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Hamish Dental Training

How To Brush Your Dog's Teeth at Home

We all know the importance of maintaining good oral hygiene but not many people know how important it is to keep your dog’s teeth nice and healthy. Dog’s (and cats) require regular dental care to maintain their overall health and well-being.  

While a trip to the veterinarian for professional teeth cleaning is necessary at some stage in your pet’s life, there are some simple steps you can do at home to help prevent dental issues and maintain your dog’s teeth and gum health. 

Let’s take a look at the process of brushing your dog’s teeth at home, making it a positive experience for both you and your dog. 

Why brushing your dog’s teeth matters 

Just like us, dogs can suffer from dental problems like plaque buildup, tartar, gum disease and even tooth decay.  These issues can lead to pain, bad breath, and potentially impact your dog’s overall health. Regular brushing helps remove food particles and bacteria that can lead to these problems. 

Getting started on brushing your dog’s teeth

You’ll need a dog specific toothbrush (either a finger brush or a pet specific toothbrush with soft bristles) and toothpaste formulated for dogs. Human toothpaste is not safe for pets as it can contain harmful ingredients. 

Introduce your dog slowly to the process and get them comfortable with the tools. Allow them to sniff and explore the toothbrush and toothpaste. Practice by rubbing some tasty peanut butter or flavoured toothpaste that they love so they get used to you touching around their mouth. This can help reduce anxiety and make the brushing process easier. 

Step by Step Guide on brushing your dog's teeth 

Start Slowly: Behind by lifting your dog’s lips and gently touching their teeth and gums so they become used to having their mouth touched. Do this with something tasty or give a treat at the end to associate the experience with something positive.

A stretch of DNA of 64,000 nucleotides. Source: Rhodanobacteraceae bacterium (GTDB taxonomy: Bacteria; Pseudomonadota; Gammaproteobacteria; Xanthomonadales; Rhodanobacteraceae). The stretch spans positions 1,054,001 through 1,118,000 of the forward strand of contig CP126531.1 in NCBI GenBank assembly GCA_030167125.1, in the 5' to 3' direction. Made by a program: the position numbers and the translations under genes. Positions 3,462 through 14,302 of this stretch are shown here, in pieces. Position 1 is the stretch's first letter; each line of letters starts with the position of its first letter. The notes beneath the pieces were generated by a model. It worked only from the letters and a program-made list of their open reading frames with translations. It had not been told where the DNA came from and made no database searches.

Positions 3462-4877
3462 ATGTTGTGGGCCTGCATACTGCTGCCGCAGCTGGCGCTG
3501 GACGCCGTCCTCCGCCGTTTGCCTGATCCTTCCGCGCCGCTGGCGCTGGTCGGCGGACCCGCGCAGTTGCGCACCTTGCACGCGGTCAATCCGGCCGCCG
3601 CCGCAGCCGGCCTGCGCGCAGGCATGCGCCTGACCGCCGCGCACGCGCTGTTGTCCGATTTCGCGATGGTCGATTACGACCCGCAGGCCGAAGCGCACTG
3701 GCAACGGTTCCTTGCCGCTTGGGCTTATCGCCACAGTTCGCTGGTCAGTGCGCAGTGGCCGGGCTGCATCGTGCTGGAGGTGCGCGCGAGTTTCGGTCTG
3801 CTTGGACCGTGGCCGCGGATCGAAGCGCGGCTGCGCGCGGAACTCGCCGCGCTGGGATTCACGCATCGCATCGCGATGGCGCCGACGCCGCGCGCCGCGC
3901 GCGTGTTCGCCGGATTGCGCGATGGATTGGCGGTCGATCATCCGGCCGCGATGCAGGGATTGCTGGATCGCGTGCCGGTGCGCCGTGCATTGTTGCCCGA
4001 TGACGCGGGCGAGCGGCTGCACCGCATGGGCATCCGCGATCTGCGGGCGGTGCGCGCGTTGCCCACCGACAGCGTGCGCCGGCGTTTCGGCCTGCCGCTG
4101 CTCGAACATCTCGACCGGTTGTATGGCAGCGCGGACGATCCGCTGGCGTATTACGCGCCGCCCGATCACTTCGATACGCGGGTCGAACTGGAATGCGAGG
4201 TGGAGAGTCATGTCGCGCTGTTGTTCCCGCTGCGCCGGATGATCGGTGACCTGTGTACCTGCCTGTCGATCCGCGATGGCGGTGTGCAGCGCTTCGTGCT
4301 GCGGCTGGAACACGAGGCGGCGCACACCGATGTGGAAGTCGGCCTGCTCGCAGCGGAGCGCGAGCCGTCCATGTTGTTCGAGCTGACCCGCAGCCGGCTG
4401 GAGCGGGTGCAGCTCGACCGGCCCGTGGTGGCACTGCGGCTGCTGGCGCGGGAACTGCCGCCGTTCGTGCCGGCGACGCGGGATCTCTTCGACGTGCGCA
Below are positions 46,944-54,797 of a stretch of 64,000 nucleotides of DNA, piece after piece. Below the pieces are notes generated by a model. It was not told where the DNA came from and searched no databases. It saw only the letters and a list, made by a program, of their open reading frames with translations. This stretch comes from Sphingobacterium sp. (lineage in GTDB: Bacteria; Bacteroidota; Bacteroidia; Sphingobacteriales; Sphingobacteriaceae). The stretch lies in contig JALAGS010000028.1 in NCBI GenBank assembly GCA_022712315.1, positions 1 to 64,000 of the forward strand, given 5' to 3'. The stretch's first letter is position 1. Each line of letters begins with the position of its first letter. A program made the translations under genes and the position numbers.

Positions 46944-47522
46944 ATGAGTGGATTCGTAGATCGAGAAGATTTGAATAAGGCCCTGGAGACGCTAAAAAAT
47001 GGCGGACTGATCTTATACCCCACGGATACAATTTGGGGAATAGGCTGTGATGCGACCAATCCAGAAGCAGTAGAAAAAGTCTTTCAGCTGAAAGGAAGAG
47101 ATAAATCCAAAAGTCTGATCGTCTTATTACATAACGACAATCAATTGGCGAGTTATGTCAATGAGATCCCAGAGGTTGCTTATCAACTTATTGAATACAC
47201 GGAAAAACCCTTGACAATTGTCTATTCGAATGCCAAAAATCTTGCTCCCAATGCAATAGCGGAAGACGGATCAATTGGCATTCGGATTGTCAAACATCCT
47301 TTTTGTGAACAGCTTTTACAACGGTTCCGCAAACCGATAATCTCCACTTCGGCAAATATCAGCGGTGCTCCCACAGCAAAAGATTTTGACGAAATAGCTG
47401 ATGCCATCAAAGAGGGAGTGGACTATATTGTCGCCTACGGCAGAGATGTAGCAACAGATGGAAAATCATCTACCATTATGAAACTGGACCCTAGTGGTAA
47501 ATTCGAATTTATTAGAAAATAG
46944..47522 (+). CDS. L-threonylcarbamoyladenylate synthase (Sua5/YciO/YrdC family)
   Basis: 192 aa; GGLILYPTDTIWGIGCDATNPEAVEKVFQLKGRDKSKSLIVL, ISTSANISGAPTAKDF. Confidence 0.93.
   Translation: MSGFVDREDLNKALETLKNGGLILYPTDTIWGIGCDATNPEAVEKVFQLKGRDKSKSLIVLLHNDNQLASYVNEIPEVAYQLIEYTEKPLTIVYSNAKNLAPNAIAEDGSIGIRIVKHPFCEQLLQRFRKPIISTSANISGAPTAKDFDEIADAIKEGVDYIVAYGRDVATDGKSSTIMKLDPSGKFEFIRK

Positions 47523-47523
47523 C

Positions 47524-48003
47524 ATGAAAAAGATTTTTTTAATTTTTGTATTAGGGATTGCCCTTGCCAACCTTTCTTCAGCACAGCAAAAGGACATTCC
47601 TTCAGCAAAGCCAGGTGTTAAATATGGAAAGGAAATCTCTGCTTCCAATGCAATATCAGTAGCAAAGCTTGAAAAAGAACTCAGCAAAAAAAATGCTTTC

Choose the Right Moment: Choose a calm time for brushing, preferably when your dog is relaxed. Avoid brushing immediately after meals or play because your dog may be to active and not in the right mindset.  

Apply Toothpaste: Use a small amount of dog friendly toothpaste on the brush. Let your dog taste the toothpaste as they come in different flavours that can be appealing to dogs. And for extra dental care, you can even use a dental water additive like Aquadent Fresh Dental Water for dogs and cats to keep their teeth healthy

Gently Brush: Hold the brush at a 45-degree angle to the teeth and brush in small motions, focus on the outer surfaces of the teeth, as that is where plaque tends to accumulate. Pay extra attention to the back teeth, as they are more susceptible to issues and harder to reach.  

Positive Reinforcement: During brushing, offer praise, pets, and treats to reinforce a positive experience. Keep the sessions short at first and gradually increase the duration as your dog becomes more comfortable.  

Gradual Progression: If your dog is not used to brushing teeth, don’t force it. Start with a few seconds and gradually work your way up to a full two-minute brushing session.  

Be Patient:  It might take time for your dog to used to the routine. Consistency and patience is key. Make it a part of your regular grooming routine to establish the habit so you can do it as often as possible. 

Tips for successful teeth brushing 

Aim to brush your dog’s teeth at least 2-3 times per week or more if possible. Consistency is crucial for maintaining good oral hygiene. 

Regular veterinary dental checkups are essential, and your vet can identify any issues early on and provide professional cleaning when necessary. 

Provide dental friendly toys and treats such as OraVet that can help reduce plaque buildup and keep your dog’s teeth clean.  

Feed your dog high quality dog food that can also contribute to their dental health.  

Brushing your dog’s teeth at home might require some patience and persistence, but the benefits far outweigh the effort. A healthy mouth leads to a healthier, happier dog. By following these steps, you can ensure that your dog has a solid dental plan in place at home that can complement any dental requirements from your veterinarian. A little effort today can go a long way in preventing dental problems as your pet ages. 

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